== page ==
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Installation artist Lynette Wallworth experiments with various VR storytelling techniques to create a sense of “here” in transporting the viewer into the remote Australian wilderness for “Collisions,” about the perspectives of an ancient tribal culture and modern technology. And Chris Milk’s “Waves of Grace” and “Evolution of Verse” — both available for download through the VRSE app, so you can experience them outside of the festival — are stunning examples of presence in immersive 360-doc journalism and an exploration of weaving a breathtaking visual story in VR to evoke an emotional response, respectively.


Whether the pop around VR storytelling at Sundance 2016 is harbinger of a coming sea change in the future of immersive storytelling remains to be seen, and depends greatly upon the first waves of consumer content in VR and how audiences react to the kind of stories artists want to tell. But this is the first year in over a decade of covering Sundance that I’ve heard this much buzz on the ground — or any buzz at all, really — about virtual reality. The long waitlists at New Frontier to check out VR experiences at the fest, and the domineering fest chatter around Park City about VR in restaurants, in bars, on the shuttles, in lines, all point to a lot of interest in storytelling in VR. The presence of tech press covering New Frontier at Sundance this year is another key indicator of where the future is heading. If you missed that VR was a big thing at Sundance this year, you maybe weren’t paying full attention.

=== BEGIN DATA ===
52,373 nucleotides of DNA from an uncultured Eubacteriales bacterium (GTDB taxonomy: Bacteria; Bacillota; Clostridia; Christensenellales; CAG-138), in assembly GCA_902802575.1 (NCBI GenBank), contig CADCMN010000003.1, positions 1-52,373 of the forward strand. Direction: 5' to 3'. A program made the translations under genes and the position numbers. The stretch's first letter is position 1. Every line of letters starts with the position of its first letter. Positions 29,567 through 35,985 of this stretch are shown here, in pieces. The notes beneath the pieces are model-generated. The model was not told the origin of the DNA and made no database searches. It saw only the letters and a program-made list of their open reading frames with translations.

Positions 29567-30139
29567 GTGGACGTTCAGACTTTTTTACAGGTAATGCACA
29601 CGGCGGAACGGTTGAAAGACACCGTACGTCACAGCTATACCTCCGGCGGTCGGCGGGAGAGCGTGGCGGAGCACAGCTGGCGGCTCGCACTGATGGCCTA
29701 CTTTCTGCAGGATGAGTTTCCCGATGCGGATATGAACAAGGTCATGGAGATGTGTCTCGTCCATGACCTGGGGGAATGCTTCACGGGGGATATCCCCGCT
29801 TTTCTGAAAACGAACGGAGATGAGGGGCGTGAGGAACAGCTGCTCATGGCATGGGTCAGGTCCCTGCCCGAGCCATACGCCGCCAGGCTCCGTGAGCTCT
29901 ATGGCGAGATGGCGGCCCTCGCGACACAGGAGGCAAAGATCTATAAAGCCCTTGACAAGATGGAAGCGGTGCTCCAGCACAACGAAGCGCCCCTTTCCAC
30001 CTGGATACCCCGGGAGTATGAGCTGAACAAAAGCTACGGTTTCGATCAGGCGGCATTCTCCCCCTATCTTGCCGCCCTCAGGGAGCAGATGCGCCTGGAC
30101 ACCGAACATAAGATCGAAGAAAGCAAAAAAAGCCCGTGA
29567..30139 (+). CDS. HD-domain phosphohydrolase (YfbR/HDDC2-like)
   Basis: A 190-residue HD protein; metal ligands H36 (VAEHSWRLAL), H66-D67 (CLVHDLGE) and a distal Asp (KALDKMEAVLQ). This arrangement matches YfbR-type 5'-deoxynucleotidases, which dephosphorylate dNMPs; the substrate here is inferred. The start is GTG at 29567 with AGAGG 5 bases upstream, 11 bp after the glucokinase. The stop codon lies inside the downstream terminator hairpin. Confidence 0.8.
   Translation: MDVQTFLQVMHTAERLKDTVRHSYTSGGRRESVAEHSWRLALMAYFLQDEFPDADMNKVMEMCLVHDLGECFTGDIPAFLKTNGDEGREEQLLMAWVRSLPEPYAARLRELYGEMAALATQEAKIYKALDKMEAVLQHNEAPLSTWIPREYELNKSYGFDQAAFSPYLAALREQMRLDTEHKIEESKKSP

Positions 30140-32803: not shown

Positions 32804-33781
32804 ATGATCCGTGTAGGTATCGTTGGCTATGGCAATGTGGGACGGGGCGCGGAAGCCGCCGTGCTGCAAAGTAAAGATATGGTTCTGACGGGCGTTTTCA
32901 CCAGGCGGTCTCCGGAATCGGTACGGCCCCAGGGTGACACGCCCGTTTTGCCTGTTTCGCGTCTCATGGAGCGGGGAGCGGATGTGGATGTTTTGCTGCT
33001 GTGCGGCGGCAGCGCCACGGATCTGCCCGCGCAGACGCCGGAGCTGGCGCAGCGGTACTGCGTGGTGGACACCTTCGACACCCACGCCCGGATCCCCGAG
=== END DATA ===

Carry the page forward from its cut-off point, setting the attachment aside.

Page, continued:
Yes, we’re a good decade or two, technologically speaking, from the kind of fully immersive, ultimate, “holodeck”-inspired cinematics experiences of which we dream, but that doesn’t mean there’s not a relevant evolution of storytelling happening within the space right now that’s worth paying attention to. Virtual reality — the story and the tech — is a field that’s evolving rapidly, almost daily, and as we look ahead to the next decade, Frilot and New Frontier will be there, showcasing artists who continue to innovate the way we tell stories in VR.

PHOTO: PETE BRUNDLE, INDIEWIRE/FUTURE TENSE
PHOTO: PETE BRUNDLE, INDIEWIRE/FUTURE TENSE